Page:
The left wanted to get one thing from the Supercommittee, and that was to seduce gullible Republicans into a 1990-style tax increase deal in order to enable bigger government.
But I was pleasantly surprised when GOPers failed to surrender, which means that taxpayers didn’t get raped and pillaged. But winning a battle is not the same as winning a war.
The real fight is now whether the sequester is allowed to happen. In other words, will politicians preserve the provision that will automatically slow the growth of the federal budget so that spending over the next 10 years grows by about $2.0 trillion rather than $2.1 trillion.
This may not seem like much of an achievement, but it is a very important indicator of what will happen in the future. If we want to protect against higher taxes in the long run, we need to figure out how to restrain government spending.
At the very least, this means following Mitchell’s Golden Rule so that the private sector grows faster than government. This would slowly but surely shrink the burden of federal spending as a share of economic output, though actual spending cuts would be preferable and they would more quickly get us where we need to be.
The main obstacle to the sequester, at least on the right, is that it would slow the growth of the defense budget. According to recent calculations, the Pentagon budget would increase by only about $100 billion over the next 10 years if the sequester is implemented.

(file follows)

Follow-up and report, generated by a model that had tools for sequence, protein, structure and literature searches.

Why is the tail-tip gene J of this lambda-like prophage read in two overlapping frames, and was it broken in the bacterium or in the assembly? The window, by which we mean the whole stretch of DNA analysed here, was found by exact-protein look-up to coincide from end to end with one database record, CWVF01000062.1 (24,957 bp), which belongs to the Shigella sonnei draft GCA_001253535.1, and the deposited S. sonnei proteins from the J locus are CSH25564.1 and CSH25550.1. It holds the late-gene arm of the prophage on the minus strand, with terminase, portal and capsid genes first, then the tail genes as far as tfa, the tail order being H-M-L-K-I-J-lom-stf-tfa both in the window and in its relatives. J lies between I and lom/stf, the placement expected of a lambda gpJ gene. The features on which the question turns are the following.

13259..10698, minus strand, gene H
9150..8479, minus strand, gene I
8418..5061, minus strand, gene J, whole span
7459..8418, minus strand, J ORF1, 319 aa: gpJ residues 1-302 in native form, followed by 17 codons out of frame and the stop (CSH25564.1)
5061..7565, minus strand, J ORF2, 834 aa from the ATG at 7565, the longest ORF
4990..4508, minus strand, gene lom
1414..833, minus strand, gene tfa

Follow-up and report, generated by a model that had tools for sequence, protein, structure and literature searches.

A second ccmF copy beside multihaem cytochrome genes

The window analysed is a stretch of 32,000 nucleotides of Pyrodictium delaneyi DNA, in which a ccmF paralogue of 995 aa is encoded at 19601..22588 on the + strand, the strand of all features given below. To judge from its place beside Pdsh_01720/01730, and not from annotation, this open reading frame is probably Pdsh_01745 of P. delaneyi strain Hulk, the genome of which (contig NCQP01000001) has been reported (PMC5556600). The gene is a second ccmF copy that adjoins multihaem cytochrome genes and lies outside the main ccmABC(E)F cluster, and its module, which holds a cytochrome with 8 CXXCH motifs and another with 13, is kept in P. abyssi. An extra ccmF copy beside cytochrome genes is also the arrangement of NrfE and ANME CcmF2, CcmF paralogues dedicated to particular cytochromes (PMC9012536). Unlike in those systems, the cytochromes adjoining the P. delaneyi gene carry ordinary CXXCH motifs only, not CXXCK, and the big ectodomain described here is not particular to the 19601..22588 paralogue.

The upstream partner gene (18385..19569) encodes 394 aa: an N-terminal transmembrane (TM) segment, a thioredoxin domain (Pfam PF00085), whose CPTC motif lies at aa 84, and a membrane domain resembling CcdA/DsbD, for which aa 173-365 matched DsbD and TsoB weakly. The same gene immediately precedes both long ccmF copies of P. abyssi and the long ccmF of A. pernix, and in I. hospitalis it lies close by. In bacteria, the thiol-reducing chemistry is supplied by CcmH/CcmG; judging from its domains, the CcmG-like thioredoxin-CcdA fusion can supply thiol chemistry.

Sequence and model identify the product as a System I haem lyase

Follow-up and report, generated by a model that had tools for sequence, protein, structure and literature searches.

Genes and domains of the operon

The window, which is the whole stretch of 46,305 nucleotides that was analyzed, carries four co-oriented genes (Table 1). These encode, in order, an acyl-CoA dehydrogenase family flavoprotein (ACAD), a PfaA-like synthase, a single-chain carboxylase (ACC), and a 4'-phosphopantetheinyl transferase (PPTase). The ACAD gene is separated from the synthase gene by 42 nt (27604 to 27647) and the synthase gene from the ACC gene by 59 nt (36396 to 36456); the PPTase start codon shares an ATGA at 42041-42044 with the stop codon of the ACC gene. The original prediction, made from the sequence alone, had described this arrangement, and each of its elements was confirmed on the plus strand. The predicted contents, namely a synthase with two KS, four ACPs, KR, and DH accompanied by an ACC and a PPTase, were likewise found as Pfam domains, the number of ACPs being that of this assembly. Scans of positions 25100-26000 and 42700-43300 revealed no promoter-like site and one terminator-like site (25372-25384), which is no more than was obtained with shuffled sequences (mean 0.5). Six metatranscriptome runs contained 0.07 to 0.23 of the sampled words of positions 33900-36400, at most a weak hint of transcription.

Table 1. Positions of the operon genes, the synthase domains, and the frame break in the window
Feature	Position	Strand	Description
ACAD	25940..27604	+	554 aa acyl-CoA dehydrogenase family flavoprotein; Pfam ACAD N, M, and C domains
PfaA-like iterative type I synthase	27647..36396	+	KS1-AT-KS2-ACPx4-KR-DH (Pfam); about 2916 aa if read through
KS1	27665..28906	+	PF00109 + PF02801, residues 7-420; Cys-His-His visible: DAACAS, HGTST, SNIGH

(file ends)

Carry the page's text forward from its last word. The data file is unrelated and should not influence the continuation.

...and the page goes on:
That might not be enough to keep pace with inflation, and some are wondering whether this puts America’s national security at risk. But this chart, which was developed by Cato Institute colleagues, shows that the United States dominates global defense spending.
Not only does the United States account for 48 percent of total defense spending, our allies in Europe and the Pacific Rim account for another 24 percent of military outlays.
And even if we use an absurdly expansive definition of possible enemies (Russia, China, all of Central/South Asia, and the entire Middle East and Africa), the military expenditures by those nations and regions don’t even amount to one-fourth of the world total.
More important, the combined spending by all potential adversaries is only about one-half of what the United States is spending, and only one-third of the combined spending of the United States and our allies.
This isn’t an argument for blindly slashing the defense budget. Nor is it an argument that says a sequester is the best way to prune military spending. But it certainly suggests that some modest restraint won’t put America in danger.
Moreover, perhaps the sequester will trigger some much-needed analysis of how best to protect America’s national security.
Maybe Mark Steyn and Steve Chapman are correct and it is time to revisit our spending on NATO, an alliance that was put together to fight the Warsaw Pact, an adversary that no longer exists.
Perhaps it means we shouldn’t spend huge sums of money to defend South Korea, which is far richer and stronger than its crazy northern neighbor.
Or maybe it means that the United States shouldn’t be engaged in nation-building exercises that exacerbate anti-American sentiment in other nations.
I’m not a defense/national security expert, so I don’t pretend to know the right approach to all of these issues.
But I have some familiarity with the way things get done in Washington. Politicians, lobbyists, interest groups, and bureaucracies will all act like the world is coming to an end if budgets are not endlessly expanded. That’s just as true for the Pentagon as it is for all other parts of the federal government.
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